Subset Sum

Karp showed that two problems were equally hard by giving rules for translating problems of one form into the other form and doing the same with their solutions. For example, subset sum problems: Given a set of integers, and a target number S, is there a subset whose sum is S? Given the set 7, 3, 4, 5, 8 and the target S = 10 the answer is “Yes, (7, 3).” For S = 6 the answer is “No”.

To translate a subset sum problem into the knapsack problem that Ness and I attacked, each number is translated into an item with that number as both its weight and usefulness and the target S is used for both the total weight and usefulness. If there is a set of items that satisfies the knapsack problem’s challenge (total usefulness at least U and weight not exceeding W) then, and only then, the number for their usefulness satisfies the subset sum’s challenge because they must add up to precisely S lest their weight doesn’t exceed S.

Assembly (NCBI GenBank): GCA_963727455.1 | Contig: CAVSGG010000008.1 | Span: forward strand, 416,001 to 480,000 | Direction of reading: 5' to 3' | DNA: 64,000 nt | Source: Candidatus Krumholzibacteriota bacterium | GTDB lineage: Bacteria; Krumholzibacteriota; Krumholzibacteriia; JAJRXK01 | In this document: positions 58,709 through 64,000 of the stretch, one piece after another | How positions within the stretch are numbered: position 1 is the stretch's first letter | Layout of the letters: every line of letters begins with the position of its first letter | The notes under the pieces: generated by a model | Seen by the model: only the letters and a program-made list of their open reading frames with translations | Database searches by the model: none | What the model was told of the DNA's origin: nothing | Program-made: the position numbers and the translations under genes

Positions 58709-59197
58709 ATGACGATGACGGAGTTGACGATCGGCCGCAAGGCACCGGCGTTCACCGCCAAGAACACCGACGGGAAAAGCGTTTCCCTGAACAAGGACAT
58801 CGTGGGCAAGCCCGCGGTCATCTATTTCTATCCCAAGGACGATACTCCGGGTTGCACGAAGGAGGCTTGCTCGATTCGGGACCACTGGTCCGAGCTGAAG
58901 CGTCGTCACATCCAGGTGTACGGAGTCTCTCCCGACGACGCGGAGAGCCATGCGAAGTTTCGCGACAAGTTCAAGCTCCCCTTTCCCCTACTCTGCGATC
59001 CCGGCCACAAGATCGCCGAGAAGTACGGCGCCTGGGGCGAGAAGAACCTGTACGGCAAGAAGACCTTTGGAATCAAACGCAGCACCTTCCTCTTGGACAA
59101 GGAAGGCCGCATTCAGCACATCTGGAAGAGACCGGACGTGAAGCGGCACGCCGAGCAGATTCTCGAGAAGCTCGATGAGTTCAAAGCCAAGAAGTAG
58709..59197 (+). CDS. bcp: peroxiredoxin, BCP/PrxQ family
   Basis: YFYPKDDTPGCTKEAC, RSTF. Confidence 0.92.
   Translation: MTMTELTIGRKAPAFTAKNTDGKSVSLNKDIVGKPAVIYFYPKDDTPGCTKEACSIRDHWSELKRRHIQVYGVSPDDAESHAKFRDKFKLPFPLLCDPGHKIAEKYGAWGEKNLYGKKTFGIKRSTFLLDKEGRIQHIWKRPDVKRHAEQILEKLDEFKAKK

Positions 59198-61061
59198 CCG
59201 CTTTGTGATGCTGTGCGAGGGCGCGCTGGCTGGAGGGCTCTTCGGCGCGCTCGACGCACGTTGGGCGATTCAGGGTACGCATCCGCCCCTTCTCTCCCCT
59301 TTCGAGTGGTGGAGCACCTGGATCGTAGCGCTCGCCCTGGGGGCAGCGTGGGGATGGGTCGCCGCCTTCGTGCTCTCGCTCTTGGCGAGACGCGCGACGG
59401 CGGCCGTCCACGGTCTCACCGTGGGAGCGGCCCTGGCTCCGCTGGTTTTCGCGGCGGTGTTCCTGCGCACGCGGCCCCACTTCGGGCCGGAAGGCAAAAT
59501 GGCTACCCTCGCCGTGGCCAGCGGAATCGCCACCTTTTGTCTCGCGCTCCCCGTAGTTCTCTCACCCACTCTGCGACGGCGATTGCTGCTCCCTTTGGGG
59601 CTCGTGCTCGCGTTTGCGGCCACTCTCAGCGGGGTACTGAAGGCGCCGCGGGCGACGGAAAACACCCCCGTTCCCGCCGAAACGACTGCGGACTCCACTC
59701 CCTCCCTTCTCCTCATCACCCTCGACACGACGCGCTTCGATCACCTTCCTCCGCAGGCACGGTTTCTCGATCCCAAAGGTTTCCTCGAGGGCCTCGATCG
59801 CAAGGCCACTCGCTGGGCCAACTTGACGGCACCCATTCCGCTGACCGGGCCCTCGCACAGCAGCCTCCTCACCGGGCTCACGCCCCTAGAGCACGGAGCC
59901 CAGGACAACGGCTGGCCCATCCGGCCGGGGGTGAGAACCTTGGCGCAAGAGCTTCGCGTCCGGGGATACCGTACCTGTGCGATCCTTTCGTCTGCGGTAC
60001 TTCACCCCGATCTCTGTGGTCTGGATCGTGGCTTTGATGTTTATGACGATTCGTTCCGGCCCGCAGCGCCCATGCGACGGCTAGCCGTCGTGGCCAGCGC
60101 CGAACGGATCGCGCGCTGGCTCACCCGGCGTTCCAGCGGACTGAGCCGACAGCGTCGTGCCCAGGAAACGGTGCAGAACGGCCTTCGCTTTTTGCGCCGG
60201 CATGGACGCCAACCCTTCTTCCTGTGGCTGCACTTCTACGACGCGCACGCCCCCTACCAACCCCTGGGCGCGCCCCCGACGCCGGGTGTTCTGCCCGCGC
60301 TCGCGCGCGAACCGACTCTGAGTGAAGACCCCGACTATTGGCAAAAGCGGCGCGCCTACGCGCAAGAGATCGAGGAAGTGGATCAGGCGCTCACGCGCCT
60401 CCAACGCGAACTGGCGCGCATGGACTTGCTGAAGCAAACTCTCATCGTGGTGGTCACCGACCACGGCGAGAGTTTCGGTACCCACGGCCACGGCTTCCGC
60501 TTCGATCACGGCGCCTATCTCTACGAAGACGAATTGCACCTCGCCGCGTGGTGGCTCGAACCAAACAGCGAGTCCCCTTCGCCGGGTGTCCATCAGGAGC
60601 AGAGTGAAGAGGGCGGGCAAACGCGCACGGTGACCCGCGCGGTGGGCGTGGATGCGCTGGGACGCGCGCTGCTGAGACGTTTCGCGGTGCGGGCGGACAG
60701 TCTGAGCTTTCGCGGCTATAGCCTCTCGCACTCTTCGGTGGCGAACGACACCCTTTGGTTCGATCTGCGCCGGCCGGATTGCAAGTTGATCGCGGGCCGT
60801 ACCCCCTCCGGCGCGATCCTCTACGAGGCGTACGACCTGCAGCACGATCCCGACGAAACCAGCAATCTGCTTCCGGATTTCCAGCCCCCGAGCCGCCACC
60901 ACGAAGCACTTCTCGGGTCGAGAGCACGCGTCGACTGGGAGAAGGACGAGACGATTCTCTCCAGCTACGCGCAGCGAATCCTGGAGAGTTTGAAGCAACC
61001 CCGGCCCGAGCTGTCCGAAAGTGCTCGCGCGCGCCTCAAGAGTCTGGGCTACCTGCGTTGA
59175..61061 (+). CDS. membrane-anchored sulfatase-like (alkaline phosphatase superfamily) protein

It is also possible to translate any knapsack problem into a subset sum problem.